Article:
We find that plaintiffs’ action in fraud was not foreclosed by a failure to specifically
demand relief in the form of rescission. In fact, plaintiffs did “elect to rescind” in the fraud count
of their complaint. Plaintiffs also made a general demand for “other equitable and proper relief.”
Further, trial court has broad discretion to grant relief, supported by the evidence, even if such
relief was not demanded in the pleadings. MCR 2.601(A). Therefore, the trial court erred in
granting a directed verdict on the basis that plaintiffs did not specifically demand rescission.
Additionally, plaintiffs’ action in fraud was not foreclosed by their lack of proof of actual
damages. Generally where a plaintiff, as here, asserts a remedy based in damages, recovery is
not allowed unless actual damage is proven. Dehring v Northern Michigan Exploration Co, 104
Mich App 300, 309; 304 NW2d 560 (1981). However, where a plaintiff seeks rescission due to
fraud, evidence of monetary damage is not necessarily required. Id. at 313. Rather, it is enough
for plaintiffs to establish some legal injury by alleging that they have been wrongfully deprived
of certain property due to defendants’ misrepresentations without setting forth in detail the extent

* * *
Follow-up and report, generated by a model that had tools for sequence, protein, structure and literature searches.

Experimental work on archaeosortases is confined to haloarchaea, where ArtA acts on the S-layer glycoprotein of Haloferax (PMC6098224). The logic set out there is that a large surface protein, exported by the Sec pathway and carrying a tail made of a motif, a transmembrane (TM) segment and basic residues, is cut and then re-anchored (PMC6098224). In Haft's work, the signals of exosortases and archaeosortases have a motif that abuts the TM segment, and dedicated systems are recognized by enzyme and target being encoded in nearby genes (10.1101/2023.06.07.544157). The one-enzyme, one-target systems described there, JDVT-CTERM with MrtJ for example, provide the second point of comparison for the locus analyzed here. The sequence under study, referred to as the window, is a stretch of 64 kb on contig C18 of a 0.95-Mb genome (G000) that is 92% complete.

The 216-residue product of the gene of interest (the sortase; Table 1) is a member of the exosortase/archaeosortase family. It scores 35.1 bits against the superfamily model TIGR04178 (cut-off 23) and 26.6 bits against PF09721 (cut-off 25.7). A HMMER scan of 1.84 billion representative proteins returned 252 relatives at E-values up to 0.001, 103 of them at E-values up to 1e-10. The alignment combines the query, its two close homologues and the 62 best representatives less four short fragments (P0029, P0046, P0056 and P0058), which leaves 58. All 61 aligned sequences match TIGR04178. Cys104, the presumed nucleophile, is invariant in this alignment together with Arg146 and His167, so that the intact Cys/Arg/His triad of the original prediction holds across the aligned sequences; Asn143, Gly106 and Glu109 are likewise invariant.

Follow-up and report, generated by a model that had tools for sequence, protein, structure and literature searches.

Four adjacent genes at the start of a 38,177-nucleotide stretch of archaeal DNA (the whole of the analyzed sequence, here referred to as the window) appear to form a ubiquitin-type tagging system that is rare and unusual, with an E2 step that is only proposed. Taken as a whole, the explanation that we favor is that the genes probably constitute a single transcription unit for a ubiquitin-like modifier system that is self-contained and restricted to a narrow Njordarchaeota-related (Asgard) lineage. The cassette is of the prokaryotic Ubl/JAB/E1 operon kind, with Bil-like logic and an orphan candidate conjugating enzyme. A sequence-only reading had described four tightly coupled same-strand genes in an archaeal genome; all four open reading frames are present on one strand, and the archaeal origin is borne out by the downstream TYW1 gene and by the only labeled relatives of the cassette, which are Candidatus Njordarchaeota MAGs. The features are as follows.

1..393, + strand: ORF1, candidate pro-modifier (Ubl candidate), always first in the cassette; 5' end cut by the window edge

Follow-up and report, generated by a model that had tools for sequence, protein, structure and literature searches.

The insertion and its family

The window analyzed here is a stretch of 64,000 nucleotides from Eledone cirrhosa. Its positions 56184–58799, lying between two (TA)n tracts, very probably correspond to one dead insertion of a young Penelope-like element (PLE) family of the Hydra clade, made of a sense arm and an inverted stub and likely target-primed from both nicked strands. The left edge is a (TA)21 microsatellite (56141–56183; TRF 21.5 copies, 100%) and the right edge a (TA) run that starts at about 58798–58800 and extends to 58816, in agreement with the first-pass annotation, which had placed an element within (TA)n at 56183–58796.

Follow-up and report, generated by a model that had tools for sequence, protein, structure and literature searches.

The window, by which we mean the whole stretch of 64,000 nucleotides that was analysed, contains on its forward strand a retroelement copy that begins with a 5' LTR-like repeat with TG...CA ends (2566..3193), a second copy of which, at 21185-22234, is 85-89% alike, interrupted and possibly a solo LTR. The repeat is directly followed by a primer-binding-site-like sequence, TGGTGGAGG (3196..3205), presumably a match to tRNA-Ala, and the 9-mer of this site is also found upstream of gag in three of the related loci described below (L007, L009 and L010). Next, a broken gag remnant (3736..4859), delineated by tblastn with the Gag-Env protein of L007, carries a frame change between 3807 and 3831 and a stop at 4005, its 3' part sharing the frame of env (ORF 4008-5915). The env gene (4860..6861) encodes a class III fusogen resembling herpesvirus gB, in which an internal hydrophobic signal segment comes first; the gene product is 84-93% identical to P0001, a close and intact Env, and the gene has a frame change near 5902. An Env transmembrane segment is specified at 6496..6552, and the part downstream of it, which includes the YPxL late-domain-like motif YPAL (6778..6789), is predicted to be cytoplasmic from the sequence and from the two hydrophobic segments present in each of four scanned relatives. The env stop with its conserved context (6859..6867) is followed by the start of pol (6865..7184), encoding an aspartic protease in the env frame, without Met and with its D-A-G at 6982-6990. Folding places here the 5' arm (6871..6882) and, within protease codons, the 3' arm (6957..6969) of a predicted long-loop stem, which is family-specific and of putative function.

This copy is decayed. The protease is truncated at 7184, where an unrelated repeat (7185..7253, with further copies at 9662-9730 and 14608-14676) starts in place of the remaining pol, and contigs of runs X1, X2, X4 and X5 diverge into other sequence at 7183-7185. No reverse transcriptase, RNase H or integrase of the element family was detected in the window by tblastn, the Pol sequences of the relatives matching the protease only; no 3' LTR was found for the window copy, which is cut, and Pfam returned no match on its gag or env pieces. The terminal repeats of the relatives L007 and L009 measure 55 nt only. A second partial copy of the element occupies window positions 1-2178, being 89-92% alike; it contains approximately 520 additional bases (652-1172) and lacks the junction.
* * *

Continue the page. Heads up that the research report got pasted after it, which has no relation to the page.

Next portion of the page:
of the damage. Id. at 311. Like Dehring, plaintiffs established injury sufficient for rescission,
through testimony that they would not have purchased the home had they known of the alleged
defective conditions or property restrictions.
Although we find that the trial court erred in granting a directed verdict for plaintiffs’
failure to specifically demand rescission or prove monetary damages, there is no need to reverse
the decision if the trial court reached the correct result for the wrong reason. Norris v State Farm
Fire & Casualty Co, 229 Mich App 231, 240; 581 NW2d 746 (1998). Therefore, we must
determine whether plaintiffs established a prima facie case of fraud to overcome the directed
verdict. Wilkinson v Lee, 463 Mich 388, 391; 617 NW2d 305 (2000).
To establish a claim of fraudulent misrepresentation, plaintiffs must prove:
(1) the defendant made a material representation; (2) the representation was false;
(3) when the defendant made the representation, the defendant knew that it was
false, or made it recklessly, without knowledge of its truth as a positive assertion;
(4) the defendant made the representation with the intention that the plaintiff
would act upon it; (5) the plaintiff acted in reliance upon it; and (6) the plaintiff
suffered damage. [M&D, Inc v McConkey, 231 Mich App 22, 27; 585 NW2d 33
Plaintiffs first argue that defendants fraudulently represented the size of the lot.